Pen names—or noms de plume if you're haughty—are nothing new, of course. There are plenty of legitimate reasons for writers to publish under a pseudonym or anonymously: Did you know that when you're a spy, you're not permitted to use your real name? That's why David John Moore Cornwell became John le Carré. Mary Anne Evans wanted to be taken seriously as a novelist, which she couldn't do without taking the name George Eliot. (She wasn't alone.) And when Theodor Geisel was fired from his job as an cartoonist for a Dartmouth paper (he was caught drinking—a Prohibition taboo), he took his first step toward immortality as Dr. Seuss. Maybe you just want a cool name like Mark Twain.
Sometimes, the story is a little bit stranger. Lately, the publishing world has been buzzing with the news that A.J. Finn, author of the bestseller The Woman in the Window (one of our favorite books of 2018) is actually Dan Mallory, a longtime editor for publishers in New York and London. While that's not shocking in itself, a recent exposé described a scenario closer to The Talented Mr. Ripley than Twain. In Episode 11 of the Amazon Book Review Podcast, we discuss the secret and not-so-secret identities of writers, and attempt to unravel the moral complexities of memoir. When it comes to Finn/Mallory, are we more hurt than angry? Do we get anywhere? Probably not. But it's complicated.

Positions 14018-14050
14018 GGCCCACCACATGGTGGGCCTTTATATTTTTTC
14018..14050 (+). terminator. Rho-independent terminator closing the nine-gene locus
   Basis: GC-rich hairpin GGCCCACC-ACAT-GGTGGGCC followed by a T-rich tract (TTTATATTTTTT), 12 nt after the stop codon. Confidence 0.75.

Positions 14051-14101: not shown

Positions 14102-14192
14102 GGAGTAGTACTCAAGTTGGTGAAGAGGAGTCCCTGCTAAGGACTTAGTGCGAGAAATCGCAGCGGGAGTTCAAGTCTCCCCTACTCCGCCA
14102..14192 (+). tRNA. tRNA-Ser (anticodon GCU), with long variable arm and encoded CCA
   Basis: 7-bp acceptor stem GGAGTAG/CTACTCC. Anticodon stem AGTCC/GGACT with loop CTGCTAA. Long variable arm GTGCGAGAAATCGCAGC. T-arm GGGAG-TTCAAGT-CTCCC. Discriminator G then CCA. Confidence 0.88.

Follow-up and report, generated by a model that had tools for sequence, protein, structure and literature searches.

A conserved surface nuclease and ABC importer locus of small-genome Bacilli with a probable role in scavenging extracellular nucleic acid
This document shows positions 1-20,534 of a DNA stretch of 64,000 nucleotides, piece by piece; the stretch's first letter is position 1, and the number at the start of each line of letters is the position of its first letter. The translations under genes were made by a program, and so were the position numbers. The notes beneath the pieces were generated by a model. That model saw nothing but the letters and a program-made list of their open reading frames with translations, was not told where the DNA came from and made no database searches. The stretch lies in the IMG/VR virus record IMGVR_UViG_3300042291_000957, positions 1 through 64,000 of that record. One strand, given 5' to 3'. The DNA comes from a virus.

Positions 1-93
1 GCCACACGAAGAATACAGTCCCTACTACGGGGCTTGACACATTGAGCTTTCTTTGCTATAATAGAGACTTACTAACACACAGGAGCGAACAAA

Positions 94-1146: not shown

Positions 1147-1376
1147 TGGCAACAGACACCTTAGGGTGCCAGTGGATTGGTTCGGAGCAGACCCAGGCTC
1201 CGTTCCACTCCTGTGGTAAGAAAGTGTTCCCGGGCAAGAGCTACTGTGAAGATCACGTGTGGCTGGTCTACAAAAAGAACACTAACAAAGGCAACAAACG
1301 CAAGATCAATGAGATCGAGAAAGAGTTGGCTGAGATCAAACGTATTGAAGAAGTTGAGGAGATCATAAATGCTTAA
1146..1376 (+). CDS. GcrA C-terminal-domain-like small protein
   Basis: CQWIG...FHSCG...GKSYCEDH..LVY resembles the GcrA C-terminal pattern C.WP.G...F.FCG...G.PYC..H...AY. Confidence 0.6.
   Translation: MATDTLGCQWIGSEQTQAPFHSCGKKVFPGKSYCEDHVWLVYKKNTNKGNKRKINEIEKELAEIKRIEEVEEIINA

Also in the podcast: Seira Wilson's interview with bestselling cookbook author and television celebrity Ina Garten, otherwise known as the Barefoot Contessa. Last fall she visited our offices to talk in front of a live audience about her latest book, Cook Like a Pro: Recipes and Tips for Home Cooks. Garten is completely self-taught and doesn't consider herself to be a "professional" cook, but she has spent decades working with chefs and learning the techniques. This book shares the "pro tips" that she's picked up along the way.
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